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I'd like to know what scope and sequence the CLR applies to JIT compilation.

For example, if my application calls only a single method of a given class, do the unused methods of that class get JIT compiled needlessly? And if yes, are they all JIT compiled before executing the one method I needed, or are they lazily compiled after the fact?

And what about branches in a method? Does the CLR allow half of the code in a method to be compiled, while allowing a separate branch in the same method to remain uncompiled until needed?

It seems over time I've found articles that provide a glimpse for some of these details, but right now I'm not finding anything that gives a consolidated, readable summary of how and when the CLR chooses to JIT a section of code. Any suggested books or links?

It would be best if any such guide would break down such JIT decision-logic by .net version.

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1 Answer 1

up vote 6 down vote accepted

The way JIT works in .NET is that before a method has been jitted the method table entry points to a small stub that will JIT the method when invoked. After that the method table is updated to reference the location of the JIT compiled code.

Given that only methods that are invoked are JIT compiled there's no JIT overhead for methods that are not invoked.

The JIT compiler will compile an entire method when needed. If it is a release build code may be optimized away but otherwise the method is compiled in full.

You can inspect the method tables using WinDbg/SOS. Consider the following:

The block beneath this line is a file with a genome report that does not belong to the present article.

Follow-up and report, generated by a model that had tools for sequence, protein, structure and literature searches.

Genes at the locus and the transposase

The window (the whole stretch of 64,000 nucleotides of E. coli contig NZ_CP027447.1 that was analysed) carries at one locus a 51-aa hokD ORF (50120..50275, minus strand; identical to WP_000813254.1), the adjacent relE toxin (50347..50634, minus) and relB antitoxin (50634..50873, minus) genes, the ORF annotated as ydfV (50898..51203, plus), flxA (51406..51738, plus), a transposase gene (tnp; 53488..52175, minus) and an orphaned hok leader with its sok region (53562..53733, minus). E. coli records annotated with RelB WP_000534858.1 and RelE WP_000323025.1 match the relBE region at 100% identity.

class SomeType
{
    public void Called()
    {
        Console.WriteLine("called");
    }

    public void NotCalled()
    {
        Console.WriteLine("not called");
    }
}

Assume that we create an instance of SomeType, call Called and then inspect the method table for SomeType. On x86 you'll see something like this:

0:000> !dumpmt -md 00a7381c
EEClass:         00a712d0
Module:          00a72e94
Name:            ConsoleApplication1.SomeType
mdToken:         02000002
File:            c:\temp\ConsoleApplication1\ConsoleApplication1\bin\Debug\ConsoleApplication1.exe
BaseSize:        0xc
ComponentSize:   0x0
Slots in VTable: 7
Number of IFaces in IFaceMap: 0
--------------------------------------
MethodDesc Table
   Entry MethodDe    JIT Name
72ca4960 729a6728 PreJIT System.Object.ToString()
72c98790 729a6730 PreJIT System.Object.Equals(System.Object)
72c98360 729a6750 PreJIT System.Object.GetHashCode()
72c916f0 729a6764 PreJIT System.Object.Finalize()
00df00d8 00a73814    JIT ConsoleApplication1.SomeType..ctor()
00df0110 00a737fc    JIT ConsoleApplication1.SomeType.Called()
00a7c031 00a73808   NONE ConsoleApplication1.SomeType.NotCalled()

Notice that Called is JIT compiled, but as we have not invoked NotCalled yet, it has not been JIT compiled.

Also, notice that the methods from object have all been PreJIT compiled.

Keep in mind that in release build short methods may be inlined in which case they are not called as methods, but simply included as part of the generated code for the call site.

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